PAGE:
Hackers using fake Swift emails to deploy Adwind RAT, steal bank credentials in new phishing scam
Hackers are using malicious emails disguised as important Swift messages to spread the cross-platform remote access trojan (RAT) Adwind. According to Comodo Group's Threat Research Lab, the spam messages claim to contain important information regarding a "wire bank transfer to your designated bank account" from the Swift network, the global banking industry's payments messaging system. The phishing email prompts users to review an attached document to check the details and make sure there are no discrepancies regarding the transfer. The seemingly secure document, however, actually contains the Adwind malware that is capable of exfiltrating data from the infected computer, modifying the system registry and more. Comodo researchers note that using phony Swift emails is particularly effective given that money and bank account affairs often trigger an emotional response from people. Using such lures significantly raises the possibility of recipients falling for the malicious bait and clicking through, they noted.
Hackers now exploiting Word documents to display 'innocent' videos that secretly mine cryptocurrency
uTorrent Bug Allows Malicious Webpages to Control the Software
A Google security researcher has uncovered a bug in uTorrent that can let a hacker hijack the software to deliver malware. The problem mainly affects uTorrent Web, the newer version of the popular BitTorrent client, which contains a serious remote code execution bug, according to Google researcher Tavis Ormandy. He discovered a flaw in the way uTorrent communicates data and stores an authentication token. A webpage loaded over a browser could be rigged to steal the token, and gain complete control over the uTorrent service. Once you have the secret, you can just change the directory torrents are saved to, and then download any file anywhere. It doesn't help that by default uTorrent Web is configured to automatically run on startup. With control over the client, a webpage's owner could direct the software to download a piece of malware. The malware can then be delivered into a Windows PC's startup folder, which will load the program on the next boot up. All that's needed is to trick a victim into visiting the malicious website.
Tinder security flaw granted account access with just a phone number
Security researchers at Appsecure found a way to access anyone's Tinder account via their phone number. The exploit took advantage of a software flaw in both the dating app's login process as well as the Facebook API that it's based on. The issues have been fixed since but represent a pretty big security lapse. Both the vulnerabilities were fixed by Tinder and Facebook quickly. When you are logging into Tinder, you have the option of using your phone number, which is then passed along to Facebook's Account Kit for authentication to Tinder. The Appsecure folks found that they could get a valid access token with an API request to Facebook's Account Kit using a phone number. In addition, Tinder's login system wasn't checking these access tokens to make sure they matched the associated user's client ID, which means that any valid access token could let someone log in to your Tinder account.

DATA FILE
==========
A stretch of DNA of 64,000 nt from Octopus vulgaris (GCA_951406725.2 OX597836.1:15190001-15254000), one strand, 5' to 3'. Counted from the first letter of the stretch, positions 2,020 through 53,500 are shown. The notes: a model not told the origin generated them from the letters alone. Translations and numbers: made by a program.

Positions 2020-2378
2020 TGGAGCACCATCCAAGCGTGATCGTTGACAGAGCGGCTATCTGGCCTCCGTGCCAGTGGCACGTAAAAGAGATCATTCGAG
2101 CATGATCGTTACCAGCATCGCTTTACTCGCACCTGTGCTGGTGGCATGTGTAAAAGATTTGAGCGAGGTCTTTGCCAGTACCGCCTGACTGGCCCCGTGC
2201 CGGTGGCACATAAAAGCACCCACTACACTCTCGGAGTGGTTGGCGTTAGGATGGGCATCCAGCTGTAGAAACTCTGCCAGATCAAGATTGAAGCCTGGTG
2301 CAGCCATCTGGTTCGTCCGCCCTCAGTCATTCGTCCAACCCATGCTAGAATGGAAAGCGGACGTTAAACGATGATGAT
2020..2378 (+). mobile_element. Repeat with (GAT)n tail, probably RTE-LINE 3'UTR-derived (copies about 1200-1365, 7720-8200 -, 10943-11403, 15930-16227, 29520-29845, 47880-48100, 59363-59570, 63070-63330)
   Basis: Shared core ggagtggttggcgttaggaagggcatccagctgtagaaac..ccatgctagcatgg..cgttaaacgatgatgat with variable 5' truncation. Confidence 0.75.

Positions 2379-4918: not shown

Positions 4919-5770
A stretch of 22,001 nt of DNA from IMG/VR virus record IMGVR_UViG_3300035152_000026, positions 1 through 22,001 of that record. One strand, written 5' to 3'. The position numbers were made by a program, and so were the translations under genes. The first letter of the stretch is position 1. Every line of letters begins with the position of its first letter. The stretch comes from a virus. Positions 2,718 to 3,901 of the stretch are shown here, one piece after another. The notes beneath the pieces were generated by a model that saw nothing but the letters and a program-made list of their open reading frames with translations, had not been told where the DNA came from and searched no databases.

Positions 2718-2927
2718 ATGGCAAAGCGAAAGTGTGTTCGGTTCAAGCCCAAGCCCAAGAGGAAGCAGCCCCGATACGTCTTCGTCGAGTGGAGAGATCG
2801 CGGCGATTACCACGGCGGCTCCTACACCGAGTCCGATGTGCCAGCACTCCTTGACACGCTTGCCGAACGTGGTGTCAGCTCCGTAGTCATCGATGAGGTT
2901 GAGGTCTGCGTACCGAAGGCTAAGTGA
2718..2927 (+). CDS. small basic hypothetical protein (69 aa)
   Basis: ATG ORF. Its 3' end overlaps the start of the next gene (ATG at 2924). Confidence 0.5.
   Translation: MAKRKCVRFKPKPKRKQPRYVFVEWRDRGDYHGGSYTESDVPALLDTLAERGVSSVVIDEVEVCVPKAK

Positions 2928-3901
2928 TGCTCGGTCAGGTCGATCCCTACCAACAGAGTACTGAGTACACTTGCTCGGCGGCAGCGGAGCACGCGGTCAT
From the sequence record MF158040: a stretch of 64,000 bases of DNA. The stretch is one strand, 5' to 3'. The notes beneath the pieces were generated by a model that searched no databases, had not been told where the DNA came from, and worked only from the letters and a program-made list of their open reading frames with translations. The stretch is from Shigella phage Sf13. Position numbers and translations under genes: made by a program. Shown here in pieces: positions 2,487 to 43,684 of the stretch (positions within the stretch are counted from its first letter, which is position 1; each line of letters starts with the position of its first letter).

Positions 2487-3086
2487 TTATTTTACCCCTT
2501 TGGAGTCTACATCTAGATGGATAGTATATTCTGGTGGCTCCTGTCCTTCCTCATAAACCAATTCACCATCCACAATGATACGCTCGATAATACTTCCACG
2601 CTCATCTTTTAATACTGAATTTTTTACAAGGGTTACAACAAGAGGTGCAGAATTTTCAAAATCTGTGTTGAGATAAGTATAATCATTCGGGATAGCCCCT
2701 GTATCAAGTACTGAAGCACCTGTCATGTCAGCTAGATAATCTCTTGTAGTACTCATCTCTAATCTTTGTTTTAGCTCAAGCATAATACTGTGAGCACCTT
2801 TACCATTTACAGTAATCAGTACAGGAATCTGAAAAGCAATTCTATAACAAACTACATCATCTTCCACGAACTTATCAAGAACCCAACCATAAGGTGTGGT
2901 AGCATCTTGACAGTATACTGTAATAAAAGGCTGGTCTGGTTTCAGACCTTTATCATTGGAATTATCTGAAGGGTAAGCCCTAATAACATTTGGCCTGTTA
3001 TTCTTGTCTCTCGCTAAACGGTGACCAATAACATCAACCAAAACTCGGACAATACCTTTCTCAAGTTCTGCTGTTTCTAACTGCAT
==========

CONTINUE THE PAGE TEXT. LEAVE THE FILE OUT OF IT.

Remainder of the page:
MacOS Trojan First Detected in 2016 Continues to Bypass AV Engines
Despite being shared online over two years ago, most of the AV engines are unable to detect Coldroot RAT, a Mac malware. The trojan was first uploaded on GitHub back in 2016 as a joke to “play with Mac users,” and now works on all three major desktop operating systems. This Mac malware can silently and remotely control a vulnerable computer. However, AV firms are yet to notice it. While Coldroot had started as a joke, it has since been optimized and is currently in active distribution. The new and improved Mac malware was discovered in a fake Apple audio driver and can take screen captures, start and end processes, start a remote desktop session, search and upload new files, and remotely shut down the operating system. Hiding as a document, the malware demands admin access, after which it will silently install and contact its command and control server for further instructions. It remains unclear if this is the same thing that was uploaded on GitHub in 2016 or someone else has picked up the code and modified it with more features. However, the new Coldroot RAT still includes the contact details of its initial author potentially to leave false flags behind.
Windows 10 bug let malware bypass security scans using a null character
A bug in the Anti-Malware Scan Interface in Windows 10 could allow malware to go undetected in scans if the code contained a null character. Introduced with Windows 10, the Anti-Malware Scan Interface (AMSI) is a security apparatus that acts as a go-between for applications and your anti-virus. It allows applications to check if the files they're using are safe by sending them to be checked by the anti-virus. One of the most important roles of AMSI is to check executable files on start-up and to scan further resources that may be opened by an application after start-up. It's essentially useful given a growing trend among malicious actors to circumvent the traditional signature-based anti-virus engines by masquerading their attacks through the use of PowerShell scripts running on otherwise legitimate applications.
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